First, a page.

Hot Wheels Honda Civic Wagon/Wagovan (EE/EY)

Here's the build for the Hot Wheels EF Civic conversion to the Wagon of the same year:


1. At the beginning, it was 2AM, and I had one of the first EF's I got my hands on, and a dry erase marker all sitting on my desk. I looked up the wheelbases for the hatch and the wagon to find that they are the same...and the rest kind of happened by itself:




2. Finding a suitable roof donor car took a very long time. I needed an SUV that also had body lines matching the boxiness of the wagon, all while being in roughly 1/64 scale and already on hand (because buying a $1 car with $10 shipping is not my style). I eventually settled with a Ford Expedition made by MotorMax shown here:


The roof of this truck was segmented during the cuts because of the width and length differences between the 2 models.



3. Here I test-fitted the roof pieces to see where more material had to be removed.


After that, I cut off the original hatch roof, and made a jig from a popsicle stick. To attach the new roof pieces, I also made the small supports between the pillars and the body and glued them on temporarily.



4. Next step was to fill in that gap made by the supports, and that was the new higher belt line of the wagon.




5. The wagon has a different hood from the hatch - while the hatch casting has a hood bulge in the center, the wagon should have an indent. Part of recreating this feature involved filing down the leading edge of the hood, but it was omitted in the compilation of this build log.


Also, the fender and cowl had to match the new belt line. To do this, there are risers at the back half of the hood, and stacks were added to the tops of the fenders.



6. On top of the basic belt line piece, I had to also add window mouldings.


The 2nd picture here shows the other side's mouldings, as well as the supports holding the entire roof together before I filled in the gap.



7. The far left picture doesn't show that much new additions, except for the missing piece of the A-pillar being filled in.


The other pictures show the rebuilding of the fender lip and panel line of the rear doors.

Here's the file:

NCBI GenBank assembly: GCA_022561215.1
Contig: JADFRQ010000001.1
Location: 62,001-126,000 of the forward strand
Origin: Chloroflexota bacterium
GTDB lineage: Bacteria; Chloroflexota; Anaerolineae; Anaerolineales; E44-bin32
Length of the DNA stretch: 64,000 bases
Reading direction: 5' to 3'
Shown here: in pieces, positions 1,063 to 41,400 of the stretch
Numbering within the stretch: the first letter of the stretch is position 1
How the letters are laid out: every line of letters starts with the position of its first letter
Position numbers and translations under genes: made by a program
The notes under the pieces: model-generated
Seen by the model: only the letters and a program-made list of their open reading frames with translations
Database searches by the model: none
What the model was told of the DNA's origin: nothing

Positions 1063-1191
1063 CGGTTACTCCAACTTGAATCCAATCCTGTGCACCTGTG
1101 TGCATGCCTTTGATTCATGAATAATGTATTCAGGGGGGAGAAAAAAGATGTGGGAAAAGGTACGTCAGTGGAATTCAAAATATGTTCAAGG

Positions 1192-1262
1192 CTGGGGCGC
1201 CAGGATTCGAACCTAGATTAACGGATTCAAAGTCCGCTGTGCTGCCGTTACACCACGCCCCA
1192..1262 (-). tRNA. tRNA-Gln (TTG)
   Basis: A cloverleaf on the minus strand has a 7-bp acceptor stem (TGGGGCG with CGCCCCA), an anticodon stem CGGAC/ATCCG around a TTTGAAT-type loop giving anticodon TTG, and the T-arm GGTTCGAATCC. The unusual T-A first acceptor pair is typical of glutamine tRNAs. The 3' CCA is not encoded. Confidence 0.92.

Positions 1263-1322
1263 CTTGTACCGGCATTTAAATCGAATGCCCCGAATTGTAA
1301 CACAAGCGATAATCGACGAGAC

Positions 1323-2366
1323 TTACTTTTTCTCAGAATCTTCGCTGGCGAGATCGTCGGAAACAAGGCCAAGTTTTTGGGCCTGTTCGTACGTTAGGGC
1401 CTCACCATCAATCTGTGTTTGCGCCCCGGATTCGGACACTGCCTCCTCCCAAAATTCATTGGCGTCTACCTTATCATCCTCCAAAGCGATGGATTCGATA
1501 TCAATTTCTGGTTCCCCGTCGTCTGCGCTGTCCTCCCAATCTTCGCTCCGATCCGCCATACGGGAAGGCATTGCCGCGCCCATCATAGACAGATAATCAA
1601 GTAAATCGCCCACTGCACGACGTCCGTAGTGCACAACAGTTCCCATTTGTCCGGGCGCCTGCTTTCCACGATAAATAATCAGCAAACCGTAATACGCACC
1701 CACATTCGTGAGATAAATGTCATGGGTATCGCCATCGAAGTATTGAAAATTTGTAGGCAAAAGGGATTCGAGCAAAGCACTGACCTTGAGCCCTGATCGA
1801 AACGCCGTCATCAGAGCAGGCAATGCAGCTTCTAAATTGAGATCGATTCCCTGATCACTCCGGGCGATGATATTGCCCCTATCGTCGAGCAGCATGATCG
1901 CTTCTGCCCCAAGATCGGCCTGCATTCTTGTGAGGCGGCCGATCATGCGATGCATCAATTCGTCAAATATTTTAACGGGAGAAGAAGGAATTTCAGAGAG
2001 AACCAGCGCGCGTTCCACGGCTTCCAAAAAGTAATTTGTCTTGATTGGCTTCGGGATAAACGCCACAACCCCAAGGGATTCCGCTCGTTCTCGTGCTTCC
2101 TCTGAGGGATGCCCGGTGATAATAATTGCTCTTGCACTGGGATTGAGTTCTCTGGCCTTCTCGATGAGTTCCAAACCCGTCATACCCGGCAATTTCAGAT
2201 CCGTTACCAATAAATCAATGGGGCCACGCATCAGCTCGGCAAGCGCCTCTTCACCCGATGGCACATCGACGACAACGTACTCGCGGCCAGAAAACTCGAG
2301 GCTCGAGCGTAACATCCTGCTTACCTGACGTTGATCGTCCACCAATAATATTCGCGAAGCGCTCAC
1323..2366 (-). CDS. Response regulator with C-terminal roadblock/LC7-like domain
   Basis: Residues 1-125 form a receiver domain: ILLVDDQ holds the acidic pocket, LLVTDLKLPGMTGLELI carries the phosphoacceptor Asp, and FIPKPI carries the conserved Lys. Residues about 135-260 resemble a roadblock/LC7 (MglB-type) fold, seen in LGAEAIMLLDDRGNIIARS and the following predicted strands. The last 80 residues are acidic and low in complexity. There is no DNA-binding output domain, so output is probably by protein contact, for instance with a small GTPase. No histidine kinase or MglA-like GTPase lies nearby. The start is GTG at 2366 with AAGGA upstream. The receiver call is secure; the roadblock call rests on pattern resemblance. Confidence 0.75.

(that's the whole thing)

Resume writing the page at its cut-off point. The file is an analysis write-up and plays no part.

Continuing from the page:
8. Here the rear fascia is being completely remade. I followed reference pictures and calculated all the proportions, then cut and cemented pieces of styrene onto the extended rear end.


Also shown are the '2-step' OEM mudflaps.



9. A relocated gas filler cap was added before applying putty on and sanding everything down. This process went on for several weeks...it was very discouraging but having it take up space on my desk was enough motivation to pick up the pace.




10. To tie the roof together visually, an OEM air deflector was made from styrene.




11. After I finally was happy with how the body looked, I got some paint on. The color is GM Light Briar Brown by Dupli-Color, and is meant to replicate the factory "Cappuccino Brown" paint.

After the paint, the trim and mouldings were masked off and sprayed with some cheap Walmart flat black.





12. One of the last things to do were the windows. the front windshield was the Expedition's trimmed down on all sides, and the rear window was made from a generic truck windshield.


Side windows took many tries to get them acceptable. Never want to do those ever again.

(Also not shown are scratchbuilt mirrors from plastic toothpicks, and a more realistic exhaust tip.)



And finally, the almost-finished product:


Why 'almost-finished'? In the future, this will receive a tan interior with rear headrests, some more detail painting, and more tinkering with the axles to get it sitting even lower. But for now I'm pretty satisfied with the overall look. Thanks for following and reading!